Sen. Tammy Baldwin, D-Wis., the first openly gay member of the Senate, is running for re-election, and her race is a priority for LGBTQ advocates. "We are all in to make sure she stays there,” Parker, of the Victory Fund, said of Baldwin.

Baldwin is facing two Republican challengers, state Sen. Leah Vukmir and Kevin Nicholson, a businessman and Marine veteran. Despite Baldwin's advantage as an incumbent, Haider-Markel pointed out that Wisconsin favored Trump in 2016, and Gov. Scott Walker, a Republican, is also up for re-election, which could draw GOP votes in the Senate race.

Rep. Kyrsten Sinema, D-Ariz., in her third term, is running for the Senate, along with several Arizona Republicans — including former Sheriff Joe Arpaio, who was pardoned of criminal contempt charges by President Donald Trump last year — in an attempt to fill the seat being vacated by Sen. Jeff Flake, a Republican who is not seeking re-election.

Lawmakers Unveil Initiative To Reduce Compliance Costs And Spur Growth And Innovation
U.S. Rep. Kyrsten Sinema, Democrat of Arizona, during a news conference outside the U.S. Capitol on May 20, 2014.Chip Somodevilla / Getty Images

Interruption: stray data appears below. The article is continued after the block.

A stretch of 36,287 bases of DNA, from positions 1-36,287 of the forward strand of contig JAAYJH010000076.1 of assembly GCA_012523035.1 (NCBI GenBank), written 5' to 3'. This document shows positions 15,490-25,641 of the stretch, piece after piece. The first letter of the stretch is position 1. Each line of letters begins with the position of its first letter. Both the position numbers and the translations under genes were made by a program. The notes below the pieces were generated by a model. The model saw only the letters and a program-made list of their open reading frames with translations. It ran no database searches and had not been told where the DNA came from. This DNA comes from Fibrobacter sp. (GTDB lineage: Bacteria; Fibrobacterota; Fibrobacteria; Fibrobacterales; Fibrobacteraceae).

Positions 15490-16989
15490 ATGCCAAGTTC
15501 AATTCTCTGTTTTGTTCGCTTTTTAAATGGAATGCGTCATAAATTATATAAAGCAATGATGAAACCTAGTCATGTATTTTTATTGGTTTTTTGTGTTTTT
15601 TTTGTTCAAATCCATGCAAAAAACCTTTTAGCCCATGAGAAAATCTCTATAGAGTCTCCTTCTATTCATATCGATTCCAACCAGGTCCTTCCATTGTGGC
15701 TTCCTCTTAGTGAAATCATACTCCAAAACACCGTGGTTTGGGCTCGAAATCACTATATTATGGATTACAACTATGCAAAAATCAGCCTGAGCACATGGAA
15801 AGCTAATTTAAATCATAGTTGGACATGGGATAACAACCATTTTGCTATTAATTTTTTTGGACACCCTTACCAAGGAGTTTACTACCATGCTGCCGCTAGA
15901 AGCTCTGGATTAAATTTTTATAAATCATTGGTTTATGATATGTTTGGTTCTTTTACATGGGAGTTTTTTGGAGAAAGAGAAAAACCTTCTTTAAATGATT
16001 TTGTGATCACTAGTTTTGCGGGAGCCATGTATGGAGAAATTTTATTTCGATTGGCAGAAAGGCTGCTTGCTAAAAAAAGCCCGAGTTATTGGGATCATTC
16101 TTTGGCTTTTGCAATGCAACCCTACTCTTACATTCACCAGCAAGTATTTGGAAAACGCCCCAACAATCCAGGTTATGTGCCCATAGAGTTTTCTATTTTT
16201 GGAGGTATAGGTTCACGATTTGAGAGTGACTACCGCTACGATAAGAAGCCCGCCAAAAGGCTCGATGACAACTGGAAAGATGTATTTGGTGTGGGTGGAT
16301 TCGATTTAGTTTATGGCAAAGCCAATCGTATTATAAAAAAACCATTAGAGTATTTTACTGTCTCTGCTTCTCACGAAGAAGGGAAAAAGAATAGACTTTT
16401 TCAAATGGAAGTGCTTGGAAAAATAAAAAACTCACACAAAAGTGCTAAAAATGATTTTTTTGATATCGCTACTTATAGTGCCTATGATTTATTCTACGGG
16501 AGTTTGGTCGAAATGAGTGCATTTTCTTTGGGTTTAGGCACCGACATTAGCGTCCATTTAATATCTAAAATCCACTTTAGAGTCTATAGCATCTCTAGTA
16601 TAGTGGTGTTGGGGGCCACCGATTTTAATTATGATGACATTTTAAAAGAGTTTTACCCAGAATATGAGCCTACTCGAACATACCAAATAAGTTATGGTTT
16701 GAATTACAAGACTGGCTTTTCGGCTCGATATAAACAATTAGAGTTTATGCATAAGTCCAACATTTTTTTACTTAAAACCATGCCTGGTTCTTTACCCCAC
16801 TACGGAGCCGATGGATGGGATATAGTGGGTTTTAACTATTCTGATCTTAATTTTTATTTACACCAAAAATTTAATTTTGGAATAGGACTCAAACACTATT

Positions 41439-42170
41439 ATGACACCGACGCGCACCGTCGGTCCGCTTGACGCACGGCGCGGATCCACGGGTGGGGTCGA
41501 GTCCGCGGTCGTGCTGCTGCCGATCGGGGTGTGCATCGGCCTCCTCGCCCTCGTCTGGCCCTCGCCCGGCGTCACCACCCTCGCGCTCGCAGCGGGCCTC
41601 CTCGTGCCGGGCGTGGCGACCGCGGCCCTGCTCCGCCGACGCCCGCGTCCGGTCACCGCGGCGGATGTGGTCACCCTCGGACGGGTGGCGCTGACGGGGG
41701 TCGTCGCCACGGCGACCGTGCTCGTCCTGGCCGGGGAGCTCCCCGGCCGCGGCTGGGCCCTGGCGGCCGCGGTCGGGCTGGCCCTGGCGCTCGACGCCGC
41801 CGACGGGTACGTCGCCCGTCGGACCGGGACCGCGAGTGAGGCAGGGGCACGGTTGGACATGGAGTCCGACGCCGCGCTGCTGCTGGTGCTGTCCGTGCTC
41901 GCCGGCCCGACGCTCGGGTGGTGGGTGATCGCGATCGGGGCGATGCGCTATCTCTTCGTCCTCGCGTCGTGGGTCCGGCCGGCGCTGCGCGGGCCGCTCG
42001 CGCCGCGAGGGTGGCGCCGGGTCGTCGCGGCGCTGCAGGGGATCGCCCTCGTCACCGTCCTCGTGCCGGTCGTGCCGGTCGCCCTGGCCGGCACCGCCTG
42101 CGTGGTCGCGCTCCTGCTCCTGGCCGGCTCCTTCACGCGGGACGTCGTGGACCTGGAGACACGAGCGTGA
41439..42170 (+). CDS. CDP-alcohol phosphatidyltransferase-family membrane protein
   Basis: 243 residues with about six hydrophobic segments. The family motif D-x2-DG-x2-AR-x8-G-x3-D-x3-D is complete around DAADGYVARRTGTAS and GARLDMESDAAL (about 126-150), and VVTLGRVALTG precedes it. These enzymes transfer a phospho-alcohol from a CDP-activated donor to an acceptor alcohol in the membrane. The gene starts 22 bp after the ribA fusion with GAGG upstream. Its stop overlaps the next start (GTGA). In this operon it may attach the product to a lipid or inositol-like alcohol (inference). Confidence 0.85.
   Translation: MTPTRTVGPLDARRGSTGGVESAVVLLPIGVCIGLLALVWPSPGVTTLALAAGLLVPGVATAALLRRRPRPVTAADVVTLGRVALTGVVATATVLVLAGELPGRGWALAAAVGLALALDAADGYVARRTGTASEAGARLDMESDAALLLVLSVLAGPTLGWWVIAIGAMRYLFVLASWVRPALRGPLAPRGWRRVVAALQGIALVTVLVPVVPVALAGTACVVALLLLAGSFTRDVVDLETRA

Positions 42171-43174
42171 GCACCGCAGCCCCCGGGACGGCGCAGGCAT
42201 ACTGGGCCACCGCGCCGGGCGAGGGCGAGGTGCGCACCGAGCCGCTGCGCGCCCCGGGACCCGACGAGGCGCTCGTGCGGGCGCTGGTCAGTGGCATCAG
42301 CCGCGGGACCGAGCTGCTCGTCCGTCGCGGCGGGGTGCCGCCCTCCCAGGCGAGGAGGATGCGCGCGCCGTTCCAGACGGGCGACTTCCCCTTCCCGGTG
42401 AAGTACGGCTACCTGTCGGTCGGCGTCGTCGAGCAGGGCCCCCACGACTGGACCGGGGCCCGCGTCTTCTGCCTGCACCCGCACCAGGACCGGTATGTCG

If Sinema wins, she will be the first openly bisexual woman to serve in the Senate and Arizona’s first female senator. “It would be nice to send a woman to the Senate that desperately needs more women,” Parker said.

Haider-Markel acknowledged that the “LGBTQ representation profile is still male heavy,” but said lesbians, bisexual women and transgender women have been doing increasingly well in their races.

The Victory Fund crunched the numbers on more than 1,000 of its endorsements and found that LGBTQ women won their races just over 70 percent of the time, compared with just under 61 percent for LGBTQ men.

While women historically run for office far less frequently than men, 2018 is shaping up to be a huge year for female candidates with “more women running at all levels,” Haider-Markel said.

One of these women is Gina Ortiz Jones, a Democrat from San Antonio, who joins eight other LGBTQ candidates from Texas making bids for Congress.